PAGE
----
2. No Congo perspective. The film gives us the Americans Abroad view, them happy to be there and do the concert. When Africans are shown, they are in crowds and what they say is never translated. The deleted scenes take this to extremes, with exoticized images of anonymous markets (where are they?), letting the people chatter away with no subtitles. Imagine making a documentary in a foreign country and not interviewing even a single person from there. Who was Mobutu and why was this concert held? You'll never find out from this DVD.

Presumably the rest of the footage exists, and maybe someday we'll get a decent DVD, including, say, a 30-minute doc of behind-the-scenes footage with the Congolese, the Americans, the Cubans, and how it all went down; separately, at least 2 hours of main concert performances; 30 minutes of jamming and sound checks (the 5 minutes of this on the deleted scenes is a highlight of the current DVD).
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Format: Blu-ray
1974. The year that record producer Stewart Levine and South African trumpeter came up with an idea to bring together African-American and African music artists for a three day music festival. The festival would also consist of a major heavyweight boxing championship between Muhammad Ali and George Foreman (who was the current heavyweight champion).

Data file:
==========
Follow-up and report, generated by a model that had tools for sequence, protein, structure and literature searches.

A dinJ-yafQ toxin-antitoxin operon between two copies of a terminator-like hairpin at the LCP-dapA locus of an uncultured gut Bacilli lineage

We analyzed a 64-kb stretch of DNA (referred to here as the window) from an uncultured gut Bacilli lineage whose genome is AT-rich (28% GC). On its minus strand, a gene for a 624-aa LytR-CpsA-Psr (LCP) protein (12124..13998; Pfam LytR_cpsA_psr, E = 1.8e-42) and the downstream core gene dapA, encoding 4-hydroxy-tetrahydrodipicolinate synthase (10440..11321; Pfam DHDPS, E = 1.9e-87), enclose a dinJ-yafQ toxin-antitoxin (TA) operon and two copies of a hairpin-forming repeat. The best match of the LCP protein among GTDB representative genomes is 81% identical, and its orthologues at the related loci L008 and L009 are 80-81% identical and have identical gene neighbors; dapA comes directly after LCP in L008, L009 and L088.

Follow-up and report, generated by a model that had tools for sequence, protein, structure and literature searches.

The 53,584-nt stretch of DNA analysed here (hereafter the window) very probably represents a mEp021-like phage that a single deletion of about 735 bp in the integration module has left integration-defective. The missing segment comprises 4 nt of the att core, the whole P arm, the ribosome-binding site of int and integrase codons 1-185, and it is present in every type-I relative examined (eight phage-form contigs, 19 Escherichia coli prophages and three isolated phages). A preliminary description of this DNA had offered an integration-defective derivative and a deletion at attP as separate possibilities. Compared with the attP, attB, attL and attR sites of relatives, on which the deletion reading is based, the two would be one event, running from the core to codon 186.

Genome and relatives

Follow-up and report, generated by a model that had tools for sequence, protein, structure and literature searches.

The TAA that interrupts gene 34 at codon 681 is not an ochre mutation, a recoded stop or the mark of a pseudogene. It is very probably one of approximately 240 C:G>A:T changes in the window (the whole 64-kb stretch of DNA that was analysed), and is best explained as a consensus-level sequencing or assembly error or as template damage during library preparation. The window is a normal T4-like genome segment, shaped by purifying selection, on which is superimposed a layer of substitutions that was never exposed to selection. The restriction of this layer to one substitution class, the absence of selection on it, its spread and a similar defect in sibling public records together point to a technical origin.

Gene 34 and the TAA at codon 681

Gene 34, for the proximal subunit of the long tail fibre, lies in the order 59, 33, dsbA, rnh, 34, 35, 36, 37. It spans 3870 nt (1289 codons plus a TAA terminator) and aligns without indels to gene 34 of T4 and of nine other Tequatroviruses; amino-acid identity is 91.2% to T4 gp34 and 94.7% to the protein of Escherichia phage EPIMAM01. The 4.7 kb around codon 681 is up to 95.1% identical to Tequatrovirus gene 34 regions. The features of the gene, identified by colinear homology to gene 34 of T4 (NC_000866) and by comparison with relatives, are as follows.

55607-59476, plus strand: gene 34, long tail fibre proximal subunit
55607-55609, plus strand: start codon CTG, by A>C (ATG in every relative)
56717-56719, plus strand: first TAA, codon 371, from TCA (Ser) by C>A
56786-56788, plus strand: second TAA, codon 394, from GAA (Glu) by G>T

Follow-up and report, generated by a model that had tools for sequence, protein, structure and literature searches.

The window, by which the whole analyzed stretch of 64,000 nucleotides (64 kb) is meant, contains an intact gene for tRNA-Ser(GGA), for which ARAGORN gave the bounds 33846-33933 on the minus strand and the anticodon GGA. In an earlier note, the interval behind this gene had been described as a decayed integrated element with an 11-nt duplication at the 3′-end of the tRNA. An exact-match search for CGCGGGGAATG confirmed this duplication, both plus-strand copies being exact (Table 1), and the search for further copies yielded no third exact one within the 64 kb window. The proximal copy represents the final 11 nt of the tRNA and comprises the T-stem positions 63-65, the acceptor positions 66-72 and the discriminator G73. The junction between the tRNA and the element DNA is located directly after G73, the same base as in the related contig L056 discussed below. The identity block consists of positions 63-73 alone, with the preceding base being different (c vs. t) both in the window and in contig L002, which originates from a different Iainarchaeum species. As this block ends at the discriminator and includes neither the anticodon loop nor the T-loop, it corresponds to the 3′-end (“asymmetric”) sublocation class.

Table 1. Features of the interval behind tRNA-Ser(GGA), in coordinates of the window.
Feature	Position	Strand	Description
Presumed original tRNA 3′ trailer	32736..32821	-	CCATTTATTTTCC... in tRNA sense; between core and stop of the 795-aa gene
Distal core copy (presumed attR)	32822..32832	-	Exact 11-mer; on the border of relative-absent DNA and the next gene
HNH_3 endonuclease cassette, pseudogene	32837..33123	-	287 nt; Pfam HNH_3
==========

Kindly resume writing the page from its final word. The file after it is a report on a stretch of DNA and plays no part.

In addition to the music festival and boxing championship, a movie would document the creation of this event which would be known as "Zaire 74" and the documentary which would be known as "Soul Power" would be directed by Jeffrey Levy-Hinte would be released in 2008. The documentary covers the music festival while the fight was covered in the 1996 documentary "When We Were Kings"(producers of this documentary also produced "Soul Power") which featured the championship match between Ali and Foreman.

"Zaire 74" looked very promising until the last minute when George Foreman had an injury which would postpone the boxing match for three weeks and thus the audience of expected international tourists was eliminated.

So, now the creators of the event have a difficult decision. To go on with the music festival or not? Featuring talent such as James Brown, BB King, The Spinners and African performers such as Miriam Makeba, TPOK Jazz, Tabu Ley Rochereau and many other performers such as Celia Cruz and the Fania All-Stars to other celebrities including Muhammad Ali and Don King. With so much invested, stages have been built...there was only one decision that could be made. The show must go on!